FORT MYERS, Fla. -- As a youngster trying to justify himself as a first-round pick of his hometown LG Twins in Seoul, ByungHo Park would often take batting practice until his hands bled, according to reporters who covered him in South Korea.Park had to compete with several other players for
FORT MYERS, Fla. -- As a youngster trying to justify himself as a first-round pick of his hometown LG Twins in Seoul, ByungHo Park would often take batting practice until his hands bled, according to reporters who covered him in South Korea.
Park had to compete with several other players for playing time on the LG Twins, the equivalent of the Yankees in Korea. But it didn't pan out for Park, who never hit higher than .218 or hit more than nine homers in five years with LG. It wasn't until a trade to the small-market Nexen Heroes that Park really took off.
Executives from his new team simply told Park to relax and that first base was his, easing some of the pressure he was putting on himself. Park immediately produced and became one of the best players in the Korean Baseball Organization over the next six seasons, being named the league's MVP twice. He smacked a combined 105 homers over his final two years before signing with the Twins last offseason on a four-year $12 million deal after a $12.85 million posting fee.
But that self-induced pressure returned in his first year in the Majors, as he'd often be seen taking extra batting practice long after his teammates during Spring Training and during the season as he tried to adapt to hitting Major League pitching. Park saw some early success in the Majors, homering nine times in his first 29 games, but it all started to fall apart in mid-May before a demotion to the Minors.
That extra work took its toll, as Park suffered a wrist injury that he downplayed throughout the season -- including his stint at Triple-A Rochester -- until it was ultimately repaired via season-ending surgery in August.
This year, Park made it a point to come to camp with a clear head and a smarter way to prepare despite being designated for assignment and removed from the 40-man roster shortly before camp.
"As in quantity, it's less, but in terms of quality, it's better," Park said through a translator. "It's been great. In terms of my body, I feel no pain in my wrist."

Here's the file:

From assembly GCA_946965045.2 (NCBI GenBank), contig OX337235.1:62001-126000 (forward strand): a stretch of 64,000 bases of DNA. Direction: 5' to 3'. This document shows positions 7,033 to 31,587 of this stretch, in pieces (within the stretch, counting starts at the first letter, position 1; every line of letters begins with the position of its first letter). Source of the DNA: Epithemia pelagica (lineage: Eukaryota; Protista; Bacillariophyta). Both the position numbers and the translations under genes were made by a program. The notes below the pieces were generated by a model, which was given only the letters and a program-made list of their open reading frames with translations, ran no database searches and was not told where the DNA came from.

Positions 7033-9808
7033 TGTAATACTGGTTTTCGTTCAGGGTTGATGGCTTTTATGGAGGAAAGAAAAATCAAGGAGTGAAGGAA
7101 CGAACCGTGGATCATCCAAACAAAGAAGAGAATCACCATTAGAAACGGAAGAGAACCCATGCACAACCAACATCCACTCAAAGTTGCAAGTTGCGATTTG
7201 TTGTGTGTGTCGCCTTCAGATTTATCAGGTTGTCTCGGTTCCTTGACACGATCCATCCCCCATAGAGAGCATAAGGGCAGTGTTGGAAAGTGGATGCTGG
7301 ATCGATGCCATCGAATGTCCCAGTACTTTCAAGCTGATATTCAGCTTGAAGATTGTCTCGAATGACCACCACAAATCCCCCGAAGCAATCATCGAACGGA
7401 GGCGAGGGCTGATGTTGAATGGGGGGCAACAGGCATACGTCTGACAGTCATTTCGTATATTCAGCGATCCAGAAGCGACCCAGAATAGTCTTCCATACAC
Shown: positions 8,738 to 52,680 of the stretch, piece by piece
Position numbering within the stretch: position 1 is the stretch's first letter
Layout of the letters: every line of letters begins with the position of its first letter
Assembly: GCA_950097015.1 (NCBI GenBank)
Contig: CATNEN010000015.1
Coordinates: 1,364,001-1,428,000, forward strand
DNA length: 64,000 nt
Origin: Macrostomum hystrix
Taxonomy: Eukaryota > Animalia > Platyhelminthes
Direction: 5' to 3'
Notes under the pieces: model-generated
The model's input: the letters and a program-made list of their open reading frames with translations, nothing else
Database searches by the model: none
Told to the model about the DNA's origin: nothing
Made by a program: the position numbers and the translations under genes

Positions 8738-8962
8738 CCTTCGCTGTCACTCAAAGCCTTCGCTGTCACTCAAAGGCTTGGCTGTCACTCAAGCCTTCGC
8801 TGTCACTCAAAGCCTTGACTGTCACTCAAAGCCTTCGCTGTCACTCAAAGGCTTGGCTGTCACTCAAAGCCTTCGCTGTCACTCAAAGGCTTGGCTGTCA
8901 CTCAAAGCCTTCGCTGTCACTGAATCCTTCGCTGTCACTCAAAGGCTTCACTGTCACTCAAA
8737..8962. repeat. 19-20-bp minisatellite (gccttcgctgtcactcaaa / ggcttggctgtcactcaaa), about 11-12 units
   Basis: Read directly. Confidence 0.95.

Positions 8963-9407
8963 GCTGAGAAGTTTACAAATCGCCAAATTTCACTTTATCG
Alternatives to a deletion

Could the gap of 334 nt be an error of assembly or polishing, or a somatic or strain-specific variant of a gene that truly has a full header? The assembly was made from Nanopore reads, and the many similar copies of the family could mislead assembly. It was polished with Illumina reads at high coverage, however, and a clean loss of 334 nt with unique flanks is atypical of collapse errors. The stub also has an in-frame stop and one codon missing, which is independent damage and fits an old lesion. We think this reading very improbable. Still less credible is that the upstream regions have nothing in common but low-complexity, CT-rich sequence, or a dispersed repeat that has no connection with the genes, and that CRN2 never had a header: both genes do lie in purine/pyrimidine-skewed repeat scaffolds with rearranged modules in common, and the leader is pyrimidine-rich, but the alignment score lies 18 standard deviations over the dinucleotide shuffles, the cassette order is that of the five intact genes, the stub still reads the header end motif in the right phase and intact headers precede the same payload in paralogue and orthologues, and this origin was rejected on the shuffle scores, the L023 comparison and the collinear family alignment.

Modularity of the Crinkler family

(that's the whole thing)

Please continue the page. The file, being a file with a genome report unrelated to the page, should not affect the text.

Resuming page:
It's certainly working for Park this spring, as he's been Minnesota's best hitter, batting .394 with four homers and eight RBIs, including a monster two-run shot off Toronto's Francisco Liriano on Monday. Notably, Park has had success against mid-90s fastballs, which was his issue last year, when he went 1-for-20 on pitches 95 mph or higher.
"The main thing is just getting an early timing at the plate," Park said. "It's been executed really well. I worked hard at that in the offseason."
But his teammates believe it's more than Park simply adapting to the higher velocity in the Majors, as he downplayed the hand injury that was clearly affecting his approach.
"I know his wrist was really hurting last year," Twins second baseman James Dozier said. "When you do that as a hitter, you try to cheat to pitches instead of attacking balls because you're overcompensating. But he's healthy and now you see that tremendous bat speed."
That bat speed leads to legitimate power, even last year, as evidenced by Statcast™. He had an average exit velocity of 97.2 mph on fly balls and line drives that ranked as the 10th-best mark in the Majors, and he ranked second to the Yankees' Gary Sanchez in percent of balls categorized as "barreled" by Statcast™. Park also struck out 80 times in 215 at-bats, but has fared better this spring, striking out nine times in 33 at-bats.
"You watch him and he looks comfortable," Twins manager Paul Molitor said. "He's swinging at a lot of strikes."
Molitor, though, wouldn't commit to Park being on the Opening Day roster just yet, as he's still competing with Kennys Vargas for the everyday designated hitter role. But the club petitioned for and was granted another option year on Vargas, potentially clearing the way for Park to be added to the 40 and 25-man rosters as the DH, with Vargas being optioned to Triple-A Rochester.
But it's clear what players in the clubhouse want to see happen after Park's breakout spring.
"He's going to help us tremendously this year and I just want him to know that," Dozier said. "Everybody in here, we want him on this team."
Rhett Bollinger has covered the Twins for MLB.com since 2011. Read his blog, **Bollinger Beat, follow him on Twitter [@RhettBollinger](https://twitter.com/RhettBollinger)** and listen to his podcast.